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Michelangelo was once can asked: “How is it that you create such wondrous sculptures and works of art? How something so innovative and ingenious emanates from mere mortal hands?” Without skipping a beat, Michelangelo responded: “Before I even begin my work, the sculpture is already complete within the marble block. My job is simply to discover it, and then chisel away the superfluous material.”

The dormant potential already exists beneath the surface; the job of the artist is simply to discover that which is hidden within, and then transform the concealed into the revealed.

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This idea touches upon a deep truth within Jewish thought. Like Adam, every single one of us has our own unique creation story. The Gemara (Niddah 30b) discusses the enigmatic events surrounding our formation, the initial stage of our own creation story. The Gemara explains that when you were just a fetus, you were in a perfect and transcendent state of being; a malach (angel) taught you kol ha’Torah kulah (all of Torah), and you experienced the entirety of reality with a crystal-clear lens. However, the Gemara continues with an anticlimactic punch (literally): just before you were born, this malach struck you on the mouth, causing you to forget everything you learned.

Two obvious questions arise:

Why does the malach make you forget what you’ve learned?

And more importantly, if he’s going to cause you to forget it, why even teach it to you in the first place?

The deep meaning behind this process is elucidated by the Arizal, Ramchal, Vilna Gaon, and many other Jewish thinkers. They explain that every process contains three stages: The first stage is the high, the inspiration, an experience of perfection and clarity. Next comes the second stage, a complete fall, a loss of everything that was experienced in the first stage. Then we have the third stage, a return to the perfection of the first stage.

The Vilna Gaon explains the Gemara in Niddah 30b according to this model. When the Gemara describes the fetus learning kol ha’Torah kulah, it isn’t referring to basic “Chumash with Rashi.” Rather, this refers to the deepest realms of Torah, to a transcendent level of Torah that lies far beyond this world. This Torah is the very root of reality, and you were granted complete understanding of its every detail. Not only were you shown this level of Torah, but you also learned your specific share of Torah – you were shown your unique purpose in the world, and how your unique role fits into the larger scheme of the human story as a whole. You were given a taste of your own perfection, of what you could, should, and hopefully will become.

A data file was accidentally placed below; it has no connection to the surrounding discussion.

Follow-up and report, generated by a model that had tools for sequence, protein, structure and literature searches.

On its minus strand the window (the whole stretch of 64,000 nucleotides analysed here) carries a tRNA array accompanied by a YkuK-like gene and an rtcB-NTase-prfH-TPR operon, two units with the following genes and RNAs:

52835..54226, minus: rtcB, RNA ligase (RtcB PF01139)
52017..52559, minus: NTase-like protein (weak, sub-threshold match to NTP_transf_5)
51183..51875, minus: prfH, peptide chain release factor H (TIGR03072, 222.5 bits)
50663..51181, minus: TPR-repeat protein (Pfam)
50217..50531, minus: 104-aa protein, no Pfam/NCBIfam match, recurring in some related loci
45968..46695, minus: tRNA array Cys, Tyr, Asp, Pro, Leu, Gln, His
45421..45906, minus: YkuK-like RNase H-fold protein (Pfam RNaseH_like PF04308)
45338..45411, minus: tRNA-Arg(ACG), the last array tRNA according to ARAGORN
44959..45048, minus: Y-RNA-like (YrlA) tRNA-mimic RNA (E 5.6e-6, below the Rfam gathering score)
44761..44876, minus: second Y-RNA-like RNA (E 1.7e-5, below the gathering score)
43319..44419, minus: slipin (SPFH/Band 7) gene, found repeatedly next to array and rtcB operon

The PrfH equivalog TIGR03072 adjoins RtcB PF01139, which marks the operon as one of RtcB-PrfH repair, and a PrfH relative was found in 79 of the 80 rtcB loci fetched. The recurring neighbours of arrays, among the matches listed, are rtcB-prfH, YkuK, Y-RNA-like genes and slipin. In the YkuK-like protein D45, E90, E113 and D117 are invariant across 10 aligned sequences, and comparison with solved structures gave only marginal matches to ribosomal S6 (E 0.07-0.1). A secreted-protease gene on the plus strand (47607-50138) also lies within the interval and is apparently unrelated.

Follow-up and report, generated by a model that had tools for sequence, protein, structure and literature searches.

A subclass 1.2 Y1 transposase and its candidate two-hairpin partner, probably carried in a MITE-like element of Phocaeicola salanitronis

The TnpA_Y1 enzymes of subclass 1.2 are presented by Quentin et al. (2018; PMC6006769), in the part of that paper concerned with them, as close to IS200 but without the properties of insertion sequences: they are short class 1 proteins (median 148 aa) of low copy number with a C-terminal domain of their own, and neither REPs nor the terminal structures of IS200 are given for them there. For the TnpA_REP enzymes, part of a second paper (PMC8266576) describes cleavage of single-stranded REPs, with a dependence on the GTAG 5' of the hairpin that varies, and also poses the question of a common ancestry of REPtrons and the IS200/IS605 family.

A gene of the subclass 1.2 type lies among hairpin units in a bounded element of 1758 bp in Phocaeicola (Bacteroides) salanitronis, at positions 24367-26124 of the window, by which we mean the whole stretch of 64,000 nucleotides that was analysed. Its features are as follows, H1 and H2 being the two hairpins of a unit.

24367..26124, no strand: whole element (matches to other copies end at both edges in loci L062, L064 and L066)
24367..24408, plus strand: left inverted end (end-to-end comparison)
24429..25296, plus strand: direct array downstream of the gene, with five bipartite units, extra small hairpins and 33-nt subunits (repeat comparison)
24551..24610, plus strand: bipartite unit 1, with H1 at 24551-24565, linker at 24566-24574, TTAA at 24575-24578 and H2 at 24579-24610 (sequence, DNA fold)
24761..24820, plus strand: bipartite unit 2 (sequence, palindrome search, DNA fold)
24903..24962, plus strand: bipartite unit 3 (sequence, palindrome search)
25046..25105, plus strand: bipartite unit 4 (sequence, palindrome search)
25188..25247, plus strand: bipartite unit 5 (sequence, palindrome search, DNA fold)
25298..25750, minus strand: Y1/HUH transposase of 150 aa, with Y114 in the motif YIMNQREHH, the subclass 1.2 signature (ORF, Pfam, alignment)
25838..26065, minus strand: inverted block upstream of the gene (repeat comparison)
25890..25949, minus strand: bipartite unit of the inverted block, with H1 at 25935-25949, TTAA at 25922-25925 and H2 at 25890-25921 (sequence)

Most importantly, though, when the malach struck you, you didn’t lose this Torah; rather, you lost access to it. Instead of disappearing, this knowledge and clarity became buried deep within your subconscious. The reason is as follows: What you received in the womb wasn’t real, it was merely a gift; something unearned and undeserved. The goal of life is to come into this world and rebuild all that you experienced and understood while in the womb. However, this time, it will be real, because you have built it yourself. In essence, your job in this world is not to create yourself, but rather to recreate yourself; to re-attain your original state of perfection, as you were shown by the malach. This time, however, it must be done through free will, by choosing to become great. Only by overcoming challenge and difficulty, only by asserting your willpower, can you fulfill your true potential. In essence, our entire life is a story of teshuvah – returning to our original, higher, and true self.

 

Learning or Recognizing?

Perhaps this explains why we often feel a sense of recognition when we hear a deep thought or profound insight. Instead of feeling as though we are learning it for the first time, everything just “clicks,” almost as if we already knew the idea. This is because we do already know it. We’re not learning, we’re rediscovering what we already learned in the womb, what’s ingrained within us. The Torah is already there at a subconscious level; now we must invest the effort to build and express it into this world. This explains an interesting Gemara (Megillah 6b) which says that if someone claims that he exerted himself in learning, but has failed to succeed, do not believe him. Likewise, if he claims to have put no effort into his learning, but has succeeded regardless, you should similarly not believe him. Only someone who says that he exerted himself in his learning and succeeded should be believed.